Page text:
Literature Based Education – Math Part Deux

I thought I would pop in and give you an update on what we are doing for math.  If you remember from last time I told you how we used Math-U-See as our core, heavily supplemented with literature.  I mentioned at the end of my last post that we officially made the switch to Saxon so I thought I would give you a little overview of how we do things, which editions to buy, and when to deviate from the text.

  • Saxon K – Don’t bother.  You will cover everything in Saxon 1.
  • Saxon 1 – Saxon 3 – Expect to cover years 1-3 quickly, especially if you wait until your child is 7 or 8 to begin math formally.  There is a LOT of overlap with these three levels.  There is also a good amount of unnecessary busywork.  I don’t bother with the morning meeting, flash cards, number cards, etc.  My approach is very simple.  I sit down next to my child at the table with the workbook and the teacher’s manual.  I open up the teacher’s manual and give it a quick skim.  I always skip the “morning meeting” and everything else up to the new lesson.  I may or may not follow the script of the lesson, it entirely depends on the level of the child and the concept being taught.  I will usually follow the script with Spencer, not with Emma.  I spend as much time as is needed for them to understand, but if they don’t “get” it in 10 or 15 minutes (depending on their age) we put it away and come back to it another day.  We will go through the practice problems and one of the two worksheets together.  Then I have them do selected portions of the second worksheet on their own.  In Spencer’s case I continue to sit next to him and explain the problems since he’s not independently reading yet.  Emma was able to skip Saxon 3 entirely and transition seamlessly to Saxon 54.You can buy the teacher’s manual new or used from Ebay or the Saxon Homeschool website. You can get the worksheets new from those same places.
  • Saxon 54 – Calculus and Physics- Now is where it gets a little tricky.  At one point before John Saxon died (I don’t know the exact year) Saxon Math switched from Saxon Publishers to Houghton Mifflin Harcourt.  Shortly after this change, they stopped selling the hardcover copies of the books to homeschoolers.  This did two things; first, it allowed for significant changes in the curriculum itself, and two, it increased the financial burden on homeschooling families.  All of a sudden text books that could have been used year after year and for multiple children could only be found in flimsy softcover manuals and consumable workbooks.  The excellent Saxon Math that earned an incredible reputation was gone and homeschoolers were exploited.  Thank you Houghton Mifflin Harcourt.  So here are a few tips when purchasing your Saxon Math books.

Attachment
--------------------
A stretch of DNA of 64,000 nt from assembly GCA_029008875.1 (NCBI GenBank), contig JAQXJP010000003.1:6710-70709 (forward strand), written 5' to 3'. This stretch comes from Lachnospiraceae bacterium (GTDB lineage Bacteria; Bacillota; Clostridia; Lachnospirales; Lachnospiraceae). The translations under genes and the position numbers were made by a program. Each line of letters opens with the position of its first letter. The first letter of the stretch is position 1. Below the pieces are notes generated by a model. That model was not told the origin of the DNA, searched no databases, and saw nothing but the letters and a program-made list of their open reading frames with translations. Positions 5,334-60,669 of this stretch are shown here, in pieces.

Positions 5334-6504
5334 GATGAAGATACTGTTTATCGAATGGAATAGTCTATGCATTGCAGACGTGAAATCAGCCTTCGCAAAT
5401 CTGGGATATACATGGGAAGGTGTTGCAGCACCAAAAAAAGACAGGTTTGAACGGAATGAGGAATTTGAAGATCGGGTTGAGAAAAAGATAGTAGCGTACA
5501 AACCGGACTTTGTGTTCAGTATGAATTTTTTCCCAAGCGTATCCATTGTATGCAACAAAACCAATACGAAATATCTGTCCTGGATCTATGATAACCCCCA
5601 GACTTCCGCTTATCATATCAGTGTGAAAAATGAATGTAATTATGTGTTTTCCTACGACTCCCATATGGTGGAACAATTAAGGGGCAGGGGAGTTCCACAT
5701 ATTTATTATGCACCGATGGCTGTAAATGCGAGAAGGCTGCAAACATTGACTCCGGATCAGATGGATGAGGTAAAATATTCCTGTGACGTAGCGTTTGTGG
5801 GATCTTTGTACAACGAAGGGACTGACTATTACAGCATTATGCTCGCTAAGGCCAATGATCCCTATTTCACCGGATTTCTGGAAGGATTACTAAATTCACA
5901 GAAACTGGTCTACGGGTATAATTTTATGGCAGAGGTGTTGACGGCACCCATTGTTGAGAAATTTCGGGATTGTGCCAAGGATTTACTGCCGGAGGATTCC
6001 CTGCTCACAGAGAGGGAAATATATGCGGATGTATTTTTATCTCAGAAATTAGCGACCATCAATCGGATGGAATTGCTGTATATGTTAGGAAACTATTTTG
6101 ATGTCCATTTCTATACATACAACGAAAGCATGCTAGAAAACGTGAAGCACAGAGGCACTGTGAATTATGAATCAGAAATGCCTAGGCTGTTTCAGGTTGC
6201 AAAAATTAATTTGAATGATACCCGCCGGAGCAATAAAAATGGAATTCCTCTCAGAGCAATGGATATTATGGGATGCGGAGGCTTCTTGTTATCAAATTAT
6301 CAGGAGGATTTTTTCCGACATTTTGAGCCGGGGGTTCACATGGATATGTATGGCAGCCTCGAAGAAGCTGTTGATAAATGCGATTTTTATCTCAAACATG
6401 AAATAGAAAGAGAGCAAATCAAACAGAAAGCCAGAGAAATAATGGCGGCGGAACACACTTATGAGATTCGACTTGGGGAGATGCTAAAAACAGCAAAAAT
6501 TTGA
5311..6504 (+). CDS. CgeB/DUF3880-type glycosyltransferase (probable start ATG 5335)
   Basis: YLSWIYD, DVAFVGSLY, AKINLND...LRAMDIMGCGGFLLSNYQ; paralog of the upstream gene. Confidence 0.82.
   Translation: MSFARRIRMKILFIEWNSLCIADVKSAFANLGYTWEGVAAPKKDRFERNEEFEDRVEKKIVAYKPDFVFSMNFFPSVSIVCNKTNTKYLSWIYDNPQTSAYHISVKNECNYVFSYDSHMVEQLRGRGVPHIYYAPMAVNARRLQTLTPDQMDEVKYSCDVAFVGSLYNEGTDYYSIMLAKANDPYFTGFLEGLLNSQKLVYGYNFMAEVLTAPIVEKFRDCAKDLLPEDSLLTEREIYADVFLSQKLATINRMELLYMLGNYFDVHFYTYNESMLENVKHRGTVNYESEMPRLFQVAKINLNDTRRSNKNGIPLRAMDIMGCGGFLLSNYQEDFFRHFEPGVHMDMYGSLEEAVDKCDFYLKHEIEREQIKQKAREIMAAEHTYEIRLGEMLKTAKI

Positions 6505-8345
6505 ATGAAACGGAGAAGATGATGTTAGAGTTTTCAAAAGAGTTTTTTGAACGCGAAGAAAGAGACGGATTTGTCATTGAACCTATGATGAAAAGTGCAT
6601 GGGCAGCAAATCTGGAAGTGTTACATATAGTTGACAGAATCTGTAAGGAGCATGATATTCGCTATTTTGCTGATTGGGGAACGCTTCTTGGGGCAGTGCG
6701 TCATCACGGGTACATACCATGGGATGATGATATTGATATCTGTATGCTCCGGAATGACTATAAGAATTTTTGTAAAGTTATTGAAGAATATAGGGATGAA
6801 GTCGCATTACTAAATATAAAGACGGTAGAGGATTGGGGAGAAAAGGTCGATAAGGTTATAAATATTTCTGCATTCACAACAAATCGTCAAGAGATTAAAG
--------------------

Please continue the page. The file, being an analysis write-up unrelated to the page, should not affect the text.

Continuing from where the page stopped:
• It is VERY important that you buy anything above Saxon 3 USED.  The phrase “they just don’t make them like they used to” REALLY applies to Saxon Math.  For more information on which editions you should be looking for, go here, but in general you are pretty safe with a 2nd edition for everything but calculus (you want 1st).

    saxon

    • Buy the SET.  When you are shopping look for the Saxon SET.  This will include a text book, a test booklet, and a homeschool/home study booklet.  You want to buy them at the same time because there are slight variations in the printings and you want the answers in the home study booklet to match the questions in the text and test booklet.  This is the best way to ensure that happens.
    • You do NOT need a teacher’s edition.
    • Once you get into algebra and up the set will have FOUR components instead of three.  Just something to keep an eye on.  If you are buying calculus and the Ebay listing only has three things, there is something missing.
  • When I teach Lucy and Emma (who are both using hardcover books) we still keep it very simple.  Just like with the younger grades, I sit next to them at the table, skim the lesson, and teach them the lesson.  I will read it out loud to them and have them work through the practice problems and help them when needed.  Depending on the lesson and how quickly they catch on, I will either assign them selections from the problem set or move on to the next lesson.  Saxon 54 and up does not have workbooks, so my girls will copy the problems and tests into a notebook.  Emma usually gets through one lesson in each sitting (she skipped 3rd grade math so we are taking it slow) while Lucy can get through three or four.  Occasionally we will skip a lesson if I think it’s stupid, but I can honestly say I haven’t found the Saxon to have NEARLY the amount of fuzzy math in it as there was in Math-U-See.
  • Unless your child needs extra help, don’t bother with Saxon 4 or Saxon 87.  They aren’t necessary.

There you have it.  I’ve been really happy with Saxon so far.  I’ve also heard some excellent things about Life of Fred.  I found a few copies of the higher level math at the library and have liked what I have seen (to be fair I’m hardly a good judge of what a good statistics book would be… maybe you can check that out for me, Dad).

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Comments

  1. We, too, use the old Saxon books. I’ve been using them for 12 years now, and I anticipate many more. :)

  2. Heather B says:

    Us too. We bought the whole Saxon series 12 or 13 years ago (starting with Saxon 1 and going through Physics) and we love the hardback versions. We have seven children and they are still going strong, with five of them using the books so far. Great informative post! We’ve found everything you said to be true as well.

  3. It’s really a great and useful piece of info.

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